A strange headline has been making waves recently – one saying that the Trump Administration, and the US government in general, is considering development of a nationalized 5G data network.
This is peculiar not only because major providers like Verizon have already been laying out their plans for implementing 5G networks, but also because this administration and the general wave of politics in Washington has been against government intervention – particularly in situations where historically private infrastructure is left to private companies. However, when it comes to government involvement in cyber security, things are a bit different.
Government Intervention in 2018?!
This seemingly unusual suggestion may actually gain momentum, and it may be because the underlying logic, from both a security and economic development perspective, may be too compelling for any “side of the aisle” to deny.
There are two primary motivations, mainly spurred on by competition with China (and to a lesser degree by Western Europe). According to a presentation that was originally shared on Axios about the possibility of a nationalized 5G network, the acceleration of the 5G technology development is a key motivator. Where American companies (perhaps with some Scandinavian companies) led the 4G network development, the Chinese are now leading the charge (via companies like Huawei and ZTE) in developing 5G networks.
Powering the Fourth Industrial Revolution
5G is different, and arguably a bigger turning point than any different data network, because of the technologies that it will serve as the backbone for. Advanced IoT applications, self-driving cars, and more rich and mobile media delivery, are all expected to enable a new wave of economic activity and growth.
The economy of the future is as vulnerable as the technology it’s built on. If the aforementioned technologies are built on an insecure, segmented or otherwise fragmented network, their benefits will not be as universal or secure as possible. There’s potential that nations who fail to take up 5G as a national project could end up being less economically competitive than those that do.
More specific to the security threats, the FBI is also concerned about major communications infrastructure being developed by or using hardware from a foreign entity. Given the current political climate with China (and a history of cyber warfare and industrial espionage against the United States and other Western powers), along with existing policies towards data protection from the likes of Huawei, ZTE and Kaspersky, it should come as no surprise that nationalist security policy may alter the path of development for a US 5G network.
Without a doubt, if the US were to ban Huawei and ZTE tech in infrastructure there would an important gap to fill, with the US lagging in 5G development. Huawei, Ericsson and Nokia are the 3 leaders in this sort of radio technology. None of them, evidently, are American.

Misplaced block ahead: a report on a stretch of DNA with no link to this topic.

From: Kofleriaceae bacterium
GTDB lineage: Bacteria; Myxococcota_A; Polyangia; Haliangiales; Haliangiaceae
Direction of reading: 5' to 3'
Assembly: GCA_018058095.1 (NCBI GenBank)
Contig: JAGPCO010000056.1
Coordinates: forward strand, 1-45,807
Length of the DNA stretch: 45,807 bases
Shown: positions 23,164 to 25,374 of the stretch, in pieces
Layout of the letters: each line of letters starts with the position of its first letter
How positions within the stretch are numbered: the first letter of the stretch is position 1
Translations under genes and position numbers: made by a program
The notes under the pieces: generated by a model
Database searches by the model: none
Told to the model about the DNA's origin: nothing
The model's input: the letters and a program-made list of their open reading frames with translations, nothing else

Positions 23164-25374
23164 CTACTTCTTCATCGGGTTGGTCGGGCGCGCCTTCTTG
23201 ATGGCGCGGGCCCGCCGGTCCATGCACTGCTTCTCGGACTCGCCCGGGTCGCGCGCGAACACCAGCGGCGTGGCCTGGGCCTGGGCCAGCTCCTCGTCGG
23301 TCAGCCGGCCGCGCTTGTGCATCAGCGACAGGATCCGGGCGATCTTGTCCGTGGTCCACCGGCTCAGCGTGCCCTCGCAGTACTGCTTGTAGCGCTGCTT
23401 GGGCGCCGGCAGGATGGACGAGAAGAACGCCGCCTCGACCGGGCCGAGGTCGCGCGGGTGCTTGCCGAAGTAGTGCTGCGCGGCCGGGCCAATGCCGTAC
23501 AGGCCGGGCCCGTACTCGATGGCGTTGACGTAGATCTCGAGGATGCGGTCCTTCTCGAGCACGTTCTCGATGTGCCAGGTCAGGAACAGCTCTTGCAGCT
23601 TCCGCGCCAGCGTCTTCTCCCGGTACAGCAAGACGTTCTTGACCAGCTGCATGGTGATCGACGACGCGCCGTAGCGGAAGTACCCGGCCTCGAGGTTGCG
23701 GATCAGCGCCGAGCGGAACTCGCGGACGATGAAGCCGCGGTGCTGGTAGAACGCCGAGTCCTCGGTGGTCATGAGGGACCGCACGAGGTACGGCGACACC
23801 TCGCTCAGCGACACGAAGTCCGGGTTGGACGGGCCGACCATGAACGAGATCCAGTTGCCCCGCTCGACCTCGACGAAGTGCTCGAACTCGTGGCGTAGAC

As the “Fourth Industrial Revolution” progresses, the development of common data infrastructure will continue to reach beyond the concerns of private businesses. This is a concern not just for mega-corporations, but smaller companies as well, who not only benefit from this infrastructure, but are also more vulnerable to any security risks it poses.
Towards A National Security Network
“National Network Security” may become the next buzz-phrase. With the electrical grid, smart home heating system and millions of self-driving cars connected to a 5G network, there will be a pressing need for security at every access point. Whether nationalizing the network itself is the solution or not, its clear that government and regulators will be implicated in some way (beyond just building backdoors for spying).
Effective 5G implementation will lead to competitive advantages in IoT, machine learning, AI and more. With less lag and more throughput, jobs using automation or semi-automation of multiple devices and endpoints will also become more common. Relationships between these endpoints will also grow more complex, lending itself to more security flaws (Imagine “Speed”, but with ransomware on a whole generation of self-driving cars).
A Good And Necessary Debate to Be Had
Nationalizing this network may disrupt private investment and earnings of major telecom companies, but it is assumed by the slide presentation that public investment will be both accelerated and exceed what the private sector is capable of or willing to spend. It also should be assumed that this project would employ the private companies specializing in the network development, much like highway infrastructure projects, the development of which is also widely referenced in the slide presentation.
Ultimately, this pie in sky thinking is perhaps welcome if it can be shown to actually improve national network security, cynical as we might be of the government. As we move to an era of ever increasing connectivity, the stakes are becoming higher. The need for a comprehensive strategy is pressing. At the very least, that this is being considered for cyber security purposes is encouraging.
- Have a look at the proposed document outlining the logic and plan for Nationalizing the 5G Network From Axios.
- 5G Networks promise a lot of new bite. Check out Cnet’s overview. Let’s hope a lack net neutrality isn’t an issue.
- Take a read of this interesting paper to get a rich perspective from another Angle. Nations or Sectors in the Age of Globalization: China’s Policy Toward Foreign Direct Investment in Telecommunications